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HALL, Judge.
Larceny of automobile. Fulton Superior Court. Before Judge Moore, Emeritus.
An indictment was returned against the defendant in February 1963 for larceny of an automobile, alleging two previous felony convictions in 1951. The indictment was one of several to which the defendant pleaded guilty and on which he was sentenced at the same time in August 1964. On the other indictments the defendant received 5-year sentences to be served concurrently. On this indictment he was sentenced 5 years with 3 years suspended and 2 years to be served following the concurrent 5-year sentences. In September 1967 the defendant filed his motion to withdraw his plea and set aside the sentence on this indictment. The trial court overruled this motion, and the defendant appeals.
The ground upon which the defendant contends he is entitled to relief from this sentence is in substance as follows: The defendant pleaded guilty to all the indictments, allegedly induced by the solicitor's promise that he would receive sentences to be served for a total of five years. At the trial the court made known and the defendant's attorney informed him what the court's sentence on this indictment would be and that it would make the total time to be served 7 years. Then, before the court sentenced the defendant, the solicitor promised him that he, the solicitor, would have the 2 years remitted, and upon this promise the defendant signed the plea of guilty on this indictment rather than withdrawing it.
It appears that the ground of this motion was previously raised by the defendant in a petition for habeas corpus and decided adversely to him. Allen v. Caldwell, 224 Ga. 47 (159 SE2d 289). Furthermore, while a defendant may move to withdraw a plea of guilty after sentence, he must do so promptly as was done in Griffin v. State, 12 Ga. App. 615, 617 (77 SE 1080). It should be remembered that the reason for allowing a defendant to set aside a conviction on a plea of guilty which was induced by hope for leniency offered by public officials, is not primarily to afford the defendant an opportunity to change his mind because the inducement or promises are not fulfilled, but to give effect to the law that only confessions understandingly and voluntarily made have probative value, and not those coercively induced by prosecuting officers in violation of law. See Griffin v. State, 12 Ga. App. 615, 622, 624, supra; Welch v. State, 63 Ga. App. 277, 280 (11 SE2d 42); Smith v. State, 64 Ga. App. 312, 313 (13 SE2d 96).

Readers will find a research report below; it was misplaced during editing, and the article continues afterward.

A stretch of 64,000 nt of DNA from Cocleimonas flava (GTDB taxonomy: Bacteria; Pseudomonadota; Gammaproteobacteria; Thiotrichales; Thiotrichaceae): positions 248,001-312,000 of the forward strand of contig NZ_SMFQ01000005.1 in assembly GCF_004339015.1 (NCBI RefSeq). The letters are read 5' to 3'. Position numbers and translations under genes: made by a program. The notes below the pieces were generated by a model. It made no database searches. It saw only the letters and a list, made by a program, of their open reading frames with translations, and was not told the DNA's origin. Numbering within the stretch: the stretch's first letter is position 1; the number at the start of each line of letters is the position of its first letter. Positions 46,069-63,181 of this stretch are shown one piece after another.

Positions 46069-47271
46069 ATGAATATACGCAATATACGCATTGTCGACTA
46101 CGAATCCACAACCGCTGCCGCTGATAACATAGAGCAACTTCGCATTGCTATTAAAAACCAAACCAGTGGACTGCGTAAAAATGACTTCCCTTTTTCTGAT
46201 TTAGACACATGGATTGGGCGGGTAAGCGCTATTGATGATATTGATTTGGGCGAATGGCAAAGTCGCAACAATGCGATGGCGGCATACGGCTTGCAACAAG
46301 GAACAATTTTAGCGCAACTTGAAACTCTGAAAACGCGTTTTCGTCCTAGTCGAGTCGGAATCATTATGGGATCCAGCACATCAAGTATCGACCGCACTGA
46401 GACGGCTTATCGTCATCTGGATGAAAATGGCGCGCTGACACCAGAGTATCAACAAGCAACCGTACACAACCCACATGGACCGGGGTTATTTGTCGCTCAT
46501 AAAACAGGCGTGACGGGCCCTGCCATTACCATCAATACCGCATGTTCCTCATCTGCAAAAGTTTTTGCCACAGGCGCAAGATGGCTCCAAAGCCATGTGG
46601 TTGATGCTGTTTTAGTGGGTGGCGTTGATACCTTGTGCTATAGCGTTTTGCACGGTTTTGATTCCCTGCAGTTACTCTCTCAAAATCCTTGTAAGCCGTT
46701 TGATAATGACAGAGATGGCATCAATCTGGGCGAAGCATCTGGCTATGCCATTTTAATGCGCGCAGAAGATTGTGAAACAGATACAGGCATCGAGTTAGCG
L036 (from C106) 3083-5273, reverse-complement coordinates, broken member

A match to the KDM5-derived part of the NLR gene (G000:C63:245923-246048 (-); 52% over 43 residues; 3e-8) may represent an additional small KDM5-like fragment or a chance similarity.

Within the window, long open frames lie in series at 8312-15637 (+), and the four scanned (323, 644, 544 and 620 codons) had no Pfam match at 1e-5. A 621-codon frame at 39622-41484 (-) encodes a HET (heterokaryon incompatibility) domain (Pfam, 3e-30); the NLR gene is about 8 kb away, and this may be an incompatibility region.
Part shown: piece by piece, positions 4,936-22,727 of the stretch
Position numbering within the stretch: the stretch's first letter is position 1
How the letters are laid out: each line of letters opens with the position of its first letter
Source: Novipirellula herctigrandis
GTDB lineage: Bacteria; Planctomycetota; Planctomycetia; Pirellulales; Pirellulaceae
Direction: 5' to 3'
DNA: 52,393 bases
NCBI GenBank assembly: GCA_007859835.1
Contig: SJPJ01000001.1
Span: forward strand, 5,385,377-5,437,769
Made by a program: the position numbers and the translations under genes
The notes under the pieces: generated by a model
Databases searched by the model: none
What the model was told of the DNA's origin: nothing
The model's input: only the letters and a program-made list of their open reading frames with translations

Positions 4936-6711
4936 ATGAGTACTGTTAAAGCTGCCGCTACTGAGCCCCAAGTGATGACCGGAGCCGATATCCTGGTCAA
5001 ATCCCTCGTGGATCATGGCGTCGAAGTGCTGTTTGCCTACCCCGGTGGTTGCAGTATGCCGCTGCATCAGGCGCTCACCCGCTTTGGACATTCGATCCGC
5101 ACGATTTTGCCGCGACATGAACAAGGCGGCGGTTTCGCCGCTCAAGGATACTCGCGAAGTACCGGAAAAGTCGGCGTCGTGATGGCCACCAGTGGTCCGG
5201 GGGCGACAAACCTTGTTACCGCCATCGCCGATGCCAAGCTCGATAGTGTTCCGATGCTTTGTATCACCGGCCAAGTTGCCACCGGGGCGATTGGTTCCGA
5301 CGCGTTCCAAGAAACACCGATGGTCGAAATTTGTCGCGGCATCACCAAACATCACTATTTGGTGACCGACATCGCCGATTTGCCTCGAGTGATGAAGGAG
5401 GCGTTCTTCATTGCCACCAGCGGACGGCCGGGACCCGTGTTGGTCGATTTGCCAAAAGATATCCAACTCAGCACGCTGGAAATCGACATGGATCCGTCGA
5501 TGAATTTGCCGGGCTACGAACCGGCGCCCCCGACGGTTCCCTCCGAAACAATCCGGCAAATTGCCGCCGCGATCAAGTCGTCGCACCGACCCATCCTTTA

The record and the argument of the defendant's counsel itself shows that the defendant was represented at the sentencing by competent privately obtained counsel who clearly explained to him that he would be sentenced to serve 7 years instead of the 5 allegedly promised. The defendant argues that because of the assurance of the solicitor that he, the solicitor, would have 2 years of the sentence remitted he did not follow the advice of his attorney to withdraw his plea of guilty, and thereby he was denied effective assistance of his counsel.
The record abundantly shows that the defendant was intelligent and the foregoing facts show that he knowingly and intelligently and by his own affirmative decision and act rejected the advice of his counsel who insisted that he should withdraw his plea at that time. By his action the defendant waived his right to trial on the issue of his guilt. This refutes his contention that he was deprived of his counsel's assistance and misled by a reasonable expectation of hope. King v. State, 91 Ga. App. 388, 390 (85 SE2d 637). See also Calloway v. State, 115 Ga. App. 158, 162 (154 SE2d 291).
Frank B. Hester, Richard M. Hester, for appellant.
Friday May 22 18:14 EDT

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